KIEV, Dec 9 (Reuters) - Ukraine’s largest steel mill, owned by ArcelorMittal, accused local law enforcement agencies on Friday of disrupting the business with unwarranted inspections.
Paramjit Kahlon, chief executive of the Kryvyi Rih mill, was quoted by Interfax Ukraine as saying the agencies - which he did not identify - had interrogated management at the business.
“It’s clear pressure on us to share things with certain persons,” he was quoted as saying, without elaborating.
“There’s big pressure from law enforcement bodies. I don’t know if it comes from their own initiative or from some political force, but it brings large risks to the stable work of the business.”
The allegations from one of the largest foreign investors in Ukraine could be embarrassing for the government, which is seeking to prove to Western backers and businesses its commitment to eliminating corruption and cronyism.
“Today the leaders of the country are making all efforts to attract investment to Ukraine. But I am afraid that this might not happen ... The situation with ArcelorMittal is a benchmark for other investors,” Kahlon was quoted as saying.
He said the company had sent a complaint to prosecutors.
The prosecutors were not immediately available to comment.
The Kryvyi Rih mill produced 6.3 million tonnes of steel and 5.3 million tonnes of rolled products in 2015.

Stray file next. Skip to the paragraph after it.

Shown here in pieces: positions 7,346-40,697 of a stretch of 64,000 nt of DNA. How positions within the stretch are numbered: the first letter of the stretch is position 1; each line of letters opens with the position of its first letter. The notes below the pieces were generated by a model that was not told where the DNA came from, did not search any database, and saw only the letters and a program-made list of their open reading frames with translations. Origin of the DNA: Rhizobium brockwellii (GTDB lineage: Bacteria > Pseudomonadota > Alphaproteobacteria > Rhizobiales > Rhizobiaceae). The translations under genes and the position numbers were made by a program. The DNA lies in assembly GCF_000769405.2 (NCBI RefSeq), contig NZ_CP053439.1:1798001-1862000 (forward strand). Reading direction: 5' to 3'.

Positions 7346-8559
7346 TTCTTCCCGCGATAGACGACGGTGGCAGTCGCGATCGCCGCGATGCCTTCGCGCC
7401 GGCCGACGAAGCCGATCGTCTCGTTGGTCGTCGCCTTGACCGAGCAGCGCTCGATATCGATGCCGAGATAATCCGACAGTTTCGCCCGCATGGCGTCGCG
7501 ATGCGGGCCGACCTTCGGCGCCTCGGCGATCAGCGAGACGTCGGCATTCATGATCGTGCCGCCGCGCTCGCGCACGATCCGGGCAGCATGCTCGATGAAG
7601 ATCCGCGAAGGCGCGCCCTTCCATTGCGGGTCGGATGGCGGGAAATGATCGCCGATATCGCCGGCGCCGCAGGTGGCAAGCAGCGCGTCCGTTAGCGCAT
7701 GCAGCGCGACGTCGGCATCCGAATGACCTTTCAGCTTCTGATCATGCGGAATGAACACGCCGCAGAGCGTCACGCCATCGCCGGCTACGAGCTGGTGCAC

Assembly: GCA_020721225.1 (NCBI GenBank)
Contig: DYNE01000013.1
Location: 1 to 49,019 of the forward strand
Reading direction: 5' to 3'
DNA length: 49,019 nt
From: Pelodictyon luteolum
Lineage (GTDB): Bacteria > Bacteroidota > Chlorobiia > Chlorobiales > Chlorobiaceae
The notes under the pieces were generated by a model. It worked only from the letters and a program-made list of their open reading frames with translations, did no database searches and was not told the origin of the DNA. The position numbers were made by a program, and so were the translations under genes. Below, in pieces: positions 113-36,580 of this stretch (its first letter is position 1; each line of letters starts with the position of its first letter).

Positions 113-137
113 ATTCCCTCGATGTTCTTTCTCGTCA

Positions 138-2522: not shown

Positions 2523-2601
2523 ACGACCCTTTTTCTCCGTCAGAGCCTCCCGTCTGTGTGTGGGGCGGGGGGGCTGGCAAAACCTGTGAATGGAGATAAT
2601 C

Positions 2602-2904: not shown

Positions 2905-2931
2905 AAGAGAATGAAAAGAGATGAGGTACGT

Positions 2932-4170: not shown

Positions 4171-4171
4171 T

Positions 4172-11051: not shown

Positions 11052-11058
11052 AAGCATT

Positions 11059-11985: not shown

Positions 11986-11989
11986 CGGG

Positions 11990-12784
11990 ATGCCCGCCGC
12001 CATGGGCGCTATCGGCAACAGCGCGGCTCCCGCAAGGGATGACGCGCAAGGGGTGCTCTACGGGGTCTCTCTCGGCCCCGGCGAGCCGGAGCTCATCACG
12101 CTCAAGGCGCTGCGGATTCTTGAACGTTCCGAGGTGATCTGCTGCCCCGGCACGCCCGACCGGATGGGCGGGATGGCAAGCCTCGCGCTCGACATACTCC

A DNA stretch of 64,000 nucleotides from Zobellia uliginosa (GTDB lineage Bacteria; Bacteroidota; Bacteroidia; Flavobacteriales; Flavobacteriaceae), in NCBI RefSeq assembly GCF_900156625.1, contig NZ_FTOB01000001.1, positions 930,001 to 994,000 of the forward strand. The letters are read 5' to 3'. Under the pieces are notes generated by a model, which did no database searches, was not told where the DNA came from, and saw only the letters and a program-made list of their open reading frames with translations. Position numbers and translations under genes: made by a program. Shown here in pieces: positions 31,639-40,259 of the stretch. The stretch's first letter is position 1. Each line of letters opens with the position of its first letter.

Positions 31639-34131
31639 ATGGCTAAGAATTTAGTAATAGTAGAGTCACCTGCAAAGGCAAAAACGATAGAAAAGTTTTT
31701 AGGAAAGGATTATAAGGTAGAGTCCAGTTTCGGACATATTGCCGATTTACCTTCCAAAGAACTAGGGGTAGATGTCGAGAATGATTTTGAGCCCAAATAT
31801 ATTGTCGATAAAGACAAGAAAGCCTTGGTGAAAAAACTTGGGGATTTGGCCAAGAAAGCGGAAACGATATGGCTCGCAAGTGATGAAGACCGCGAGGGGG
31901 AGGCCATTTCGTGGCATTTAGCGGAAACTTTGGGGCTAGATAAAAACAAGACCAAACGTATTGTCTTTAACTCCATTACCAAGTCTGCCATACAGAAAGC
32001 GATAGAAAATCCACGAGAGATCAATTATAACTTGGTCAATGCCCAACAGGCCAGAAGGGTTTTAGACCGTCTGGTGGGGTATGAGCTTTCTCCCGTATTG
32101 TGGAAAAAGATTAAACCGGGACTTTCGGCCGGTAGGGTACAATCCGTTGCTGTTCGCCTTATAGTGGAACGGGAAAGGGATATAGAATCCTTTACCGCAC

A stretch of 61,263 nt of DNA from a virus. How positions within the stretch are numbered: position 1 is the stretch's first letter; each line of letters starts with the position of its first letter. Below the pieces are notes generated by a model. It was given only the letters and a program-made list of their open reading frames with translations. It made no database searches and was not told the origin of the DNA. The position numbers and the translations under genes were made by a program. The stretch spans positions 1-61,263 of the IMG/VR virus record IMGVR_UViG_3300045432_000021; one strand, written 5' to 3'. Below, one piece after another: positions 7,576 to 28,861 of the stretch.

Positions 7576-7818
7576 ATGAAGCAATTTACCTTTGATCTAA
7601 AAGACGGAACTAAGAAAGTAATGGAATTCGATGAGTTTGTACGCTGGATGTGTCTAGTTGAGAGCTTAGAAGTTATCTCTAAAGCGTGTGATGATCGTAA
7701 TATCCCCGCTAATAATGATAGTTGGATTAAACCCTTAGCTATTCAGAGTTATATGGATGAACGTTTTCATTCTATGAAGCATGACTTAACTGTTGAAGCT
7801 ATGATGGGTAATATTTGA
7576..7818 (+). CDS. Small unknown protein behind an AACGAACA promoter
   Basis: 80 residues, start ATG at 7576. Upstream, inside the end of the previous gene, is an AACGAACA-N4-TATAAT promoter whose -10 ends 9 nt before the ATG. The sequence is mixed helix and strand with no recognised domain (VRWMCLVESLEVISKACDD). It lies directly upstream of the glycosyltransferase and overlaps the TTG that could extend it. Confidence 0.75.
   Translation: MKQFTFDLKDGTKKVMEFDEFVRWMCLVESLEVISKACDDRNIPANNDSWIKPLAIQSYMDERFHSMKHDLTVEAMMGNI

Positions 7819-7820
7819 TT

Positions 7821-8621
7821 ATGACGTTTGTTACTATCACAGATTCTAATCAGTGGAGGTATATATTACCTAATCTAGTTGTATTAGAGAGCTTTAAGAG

ArcelorMittal, which has spent $10.4 billion on the mill since acquiring it in 2005, is the kind of large foreign company whose investment Ukraine is anxious to attract to shore up its war-torn economy, which is emerging from two years of recession.
Ukraine’s leadership, which came to power after massive pro-European street protests in 2013-2014, promised to implement reforms in exchange for a $40 billion bailout package led by the International Monetary Fund.
Some key steps have been taken, including the launch of an online wealth declaration tool to boost transparency around the source of officials’ income, but a September poll showed 85 percent of Ukrainians do not believe the broader fight against corruption has been effective. (Reporting by Pavel Polityuk; Editing by Alessandra Prentice and Mark Potter)